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But let’s look at an example where backstories show dramatic change: Margaret Atwood’s The Handmaid’s Tale. Set in a dystopian Christo-fascist near future, this book is told by Offred, a “handmaid” — an enslaved woman whose sole purpose is to bear children for the ruling classes. Though she is careful and resigned to her place in Gilead’s society, we discover, through her memories, that she was once a risk-taker with a career, a husband, and child. She was a regular woman in a world not unlike our own.  

Though some of her old self sometimes peeks through in her narration, this chasm between who Offred once was and who she is now highlights the traumatic impact of the “reeducation” she received at the hands of the new government.

Very often, a stark contrast between a character’s previous self and who they are in a story’s current narrative is all a writer needs. Their change could have been brought on gradually by a long and ambling chain of experiences (ones that might be too banal to share in your story).

But occasionally, a single event can light the powder keg of change. In your own story, it may be that a character’s initial response to a dramatic event (say, depression after an assault) gets the story going, and sees them complete a character arc where they’re now in a new, changed state by the end of your story (acceptance and the ability to move on). 

To sign up for our free course on getting character development right, sign up below:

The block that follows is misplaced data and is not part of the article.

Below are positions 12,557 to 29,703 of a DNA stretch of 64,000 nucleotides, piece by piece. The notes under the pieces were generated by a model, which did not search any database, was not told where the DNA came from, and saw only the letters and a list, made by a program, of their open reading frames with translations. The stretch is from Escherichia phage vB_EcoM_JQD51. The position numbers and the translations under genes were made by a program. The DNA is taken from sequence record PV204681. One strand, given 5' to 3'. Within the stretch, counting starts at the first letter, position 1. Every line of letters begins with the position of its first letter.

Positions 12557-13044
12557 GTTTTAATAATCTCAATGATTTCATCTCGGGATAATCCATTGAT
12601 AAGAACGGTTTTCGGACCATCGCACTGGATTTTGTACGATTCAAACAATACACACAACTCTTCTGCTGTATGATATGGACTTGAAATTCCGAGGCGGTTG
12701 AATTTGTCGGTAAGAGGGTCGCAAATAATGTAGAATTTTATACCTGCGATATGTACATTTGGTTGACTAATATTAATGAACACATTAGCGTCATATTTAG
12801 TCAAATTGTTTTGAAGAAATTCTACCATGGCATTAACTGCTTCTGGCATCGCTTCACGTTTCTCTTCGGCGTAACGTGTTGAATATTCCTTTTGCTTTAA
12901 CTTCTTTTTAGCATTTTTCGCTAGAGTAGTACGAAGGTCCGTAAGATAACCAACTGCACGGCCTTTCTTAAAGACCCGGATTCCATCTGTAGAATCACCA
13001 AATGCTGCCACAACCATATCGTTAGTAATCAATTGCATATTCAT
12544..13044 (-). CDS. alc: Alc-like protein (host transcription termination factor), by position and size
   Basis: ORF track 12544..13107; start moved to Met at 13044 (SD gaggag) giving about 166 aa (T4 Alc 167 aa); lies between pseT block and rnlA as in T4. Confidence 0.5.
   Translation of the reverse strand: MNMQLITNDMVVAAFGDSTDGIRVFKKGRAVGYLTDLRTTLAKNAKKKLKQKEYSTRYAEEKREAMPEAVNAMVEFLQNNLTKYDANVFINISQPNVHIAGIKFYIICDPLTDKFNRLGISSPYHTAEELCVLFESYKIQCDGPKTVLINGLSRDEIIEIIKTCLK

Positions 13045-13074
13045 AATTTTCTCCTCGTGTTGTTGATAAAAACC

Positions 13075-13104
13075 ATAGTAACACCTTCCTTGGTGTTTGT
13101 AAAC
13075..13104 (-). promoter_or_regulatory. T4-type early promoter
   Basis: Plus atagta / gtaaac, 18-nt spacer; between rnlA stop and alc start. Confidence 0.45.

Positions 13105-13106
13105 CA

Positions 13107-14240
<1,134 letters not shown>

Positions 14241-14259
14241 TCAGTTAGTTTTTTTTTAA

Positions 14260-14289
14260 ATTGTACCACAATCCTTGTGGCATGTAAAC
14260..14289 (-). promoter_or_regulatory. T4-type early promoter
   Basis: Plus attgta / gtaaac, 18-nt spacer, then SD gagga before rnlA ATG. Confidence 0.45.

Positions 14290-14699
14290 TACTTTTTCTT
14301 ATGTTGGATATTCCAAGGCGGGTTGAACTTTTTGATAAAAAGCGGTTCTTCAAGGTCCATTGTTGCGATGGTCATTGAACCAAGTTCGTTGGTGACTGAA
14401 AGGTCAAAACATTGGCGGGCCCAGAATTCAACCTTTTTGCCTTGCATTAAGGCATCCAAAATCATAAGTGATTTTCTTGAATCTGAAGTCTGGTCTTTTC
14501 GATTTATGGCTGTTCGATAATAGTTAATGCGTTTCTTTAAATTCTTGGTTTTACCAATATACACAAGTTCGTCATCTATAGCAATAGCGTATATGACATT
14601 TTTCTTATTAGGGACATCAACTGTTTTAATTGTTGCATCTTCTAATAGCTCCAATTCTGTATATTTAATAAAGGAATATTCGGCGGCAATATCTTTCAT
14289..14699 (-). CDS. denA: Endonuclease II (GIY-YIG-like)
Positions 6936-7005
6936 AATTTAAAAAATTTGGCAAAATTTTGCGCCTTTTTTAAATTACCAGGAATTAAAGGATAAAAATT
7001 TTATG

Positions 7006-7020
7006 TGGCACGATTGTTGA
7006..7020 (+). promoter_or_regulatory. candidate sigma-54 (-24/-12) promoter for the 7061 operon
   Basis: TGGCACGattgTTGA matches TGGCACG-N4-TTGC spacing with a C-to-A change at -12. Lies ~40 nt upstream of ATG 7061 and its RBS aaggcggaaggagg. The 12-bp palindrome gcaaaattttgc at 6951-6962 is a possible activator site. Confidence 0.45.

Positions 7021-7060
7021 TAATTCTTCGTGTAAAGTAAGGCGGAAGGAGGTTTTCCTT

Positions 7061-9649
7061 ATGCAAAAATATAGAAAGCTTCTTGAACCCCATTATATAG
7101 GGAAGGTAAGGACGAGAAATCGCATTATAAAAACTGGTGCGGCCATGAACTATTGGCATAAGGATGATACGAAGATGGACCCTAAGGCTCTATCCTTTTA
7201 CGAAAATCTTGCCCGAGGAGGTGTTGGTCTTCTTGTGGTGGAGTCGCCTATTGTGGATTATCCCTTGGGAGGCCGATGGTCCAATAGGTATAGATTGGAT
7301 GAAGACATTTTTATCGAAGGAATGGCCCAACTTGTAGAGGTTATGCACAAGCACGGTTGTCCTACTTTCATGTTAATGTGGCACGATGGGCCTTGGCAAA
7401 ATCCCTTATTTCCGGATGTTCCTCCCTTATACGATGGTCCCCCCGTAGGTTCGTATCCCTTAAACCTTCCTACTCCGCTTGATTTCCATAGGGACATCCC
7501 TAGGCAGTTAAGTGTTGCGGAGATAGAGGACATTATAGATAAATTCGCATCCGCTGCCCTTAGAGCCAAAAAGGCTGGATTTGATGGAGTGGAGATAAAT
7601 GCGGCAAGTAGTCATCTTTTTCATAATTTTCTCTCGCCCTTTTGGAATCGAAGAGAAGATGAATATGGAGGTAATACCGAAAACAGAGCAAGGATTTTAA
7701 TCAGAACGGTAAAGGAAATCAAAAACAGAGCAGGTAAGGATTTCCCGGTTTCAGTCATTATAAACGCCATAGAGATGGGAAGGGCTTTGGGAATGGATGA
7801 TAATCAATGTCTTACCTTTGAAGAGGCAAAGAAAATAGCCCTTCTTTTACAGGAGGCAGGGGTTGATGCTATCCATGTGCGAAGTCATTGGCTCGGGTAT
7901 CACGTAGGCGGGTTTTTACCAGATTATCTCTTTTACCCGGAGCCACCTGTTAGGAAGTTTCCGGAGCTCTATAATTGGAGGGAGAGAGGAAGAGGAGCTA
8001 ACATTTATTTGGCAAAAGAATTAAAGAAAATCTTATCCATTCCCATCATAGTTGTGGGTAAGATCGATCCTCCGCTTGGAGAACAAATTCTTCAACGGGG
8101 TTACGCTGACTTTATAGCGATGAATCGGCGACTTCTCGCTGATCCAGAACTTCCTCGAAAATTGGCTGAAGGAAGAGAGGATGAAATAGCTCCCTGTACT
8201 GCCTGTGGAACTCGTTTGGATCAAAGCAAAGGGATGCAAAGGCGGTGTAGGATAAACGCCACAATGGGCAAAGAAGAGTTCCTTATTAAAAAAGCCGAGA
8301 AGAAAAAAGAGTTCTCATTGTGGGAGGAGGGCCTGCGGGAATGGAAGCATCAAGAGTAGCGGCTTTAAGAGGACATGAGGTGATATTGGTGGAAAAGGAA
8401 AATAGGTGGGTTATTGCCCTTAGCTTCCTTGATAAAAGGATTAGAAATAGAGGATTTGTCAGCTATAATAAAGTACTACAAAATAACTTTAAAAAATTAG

Reedsy’s Character Profile Template

A story is only as strong as its characters. Fill this out to develop yours.

Create a turning point

Sometimes, a character’s backstory includes a catalyst that completely alters the course of their life. This event can often provide the key to understanding their actions.

This turning point can happen on or off the page, but it can be interesting — and satisfying — to see it play out like in Anne Rice’s Interview with the Vampire. The novel begins with Louis du Pointe du Lac, a three-hundred-year-old vampire, sitting down with an interviewer to recount his life story. To start, he reflects on the series of events that led to his transformation.

One night, tormented by guilt and grief, believing his actions drove his brother to suicide, Louis meets a stranger, Lestat. He paints Louis a picture of a glorious future, free from guilt — if Louis agrees to be turned into a vampire. Accepting Lestat’s bargain, he enters an entirely new life.

A black man in suspenders and a gray striped shirt sits in a chair in a dark study and gazes off to the side
Louis du Pointe du Lac ponders his mortality (or lack thereof) in AMC's Interview with the Vampire

The novel mainly deals with Louis’ struggle with good and evil and his uneasy relationship with Lestat. But by revealing this crucial episode in his backstory, Rice anchors Louis’ character in grief and guilt, allowing the reader to better understand and empathize with him.

While Rice reveals this crucial part of Louis’ backstory near the beginning of Interview with the Vampire, other writers may choose to hold the cards closer to their vest… at least to start with.

Reveal information in a strategic way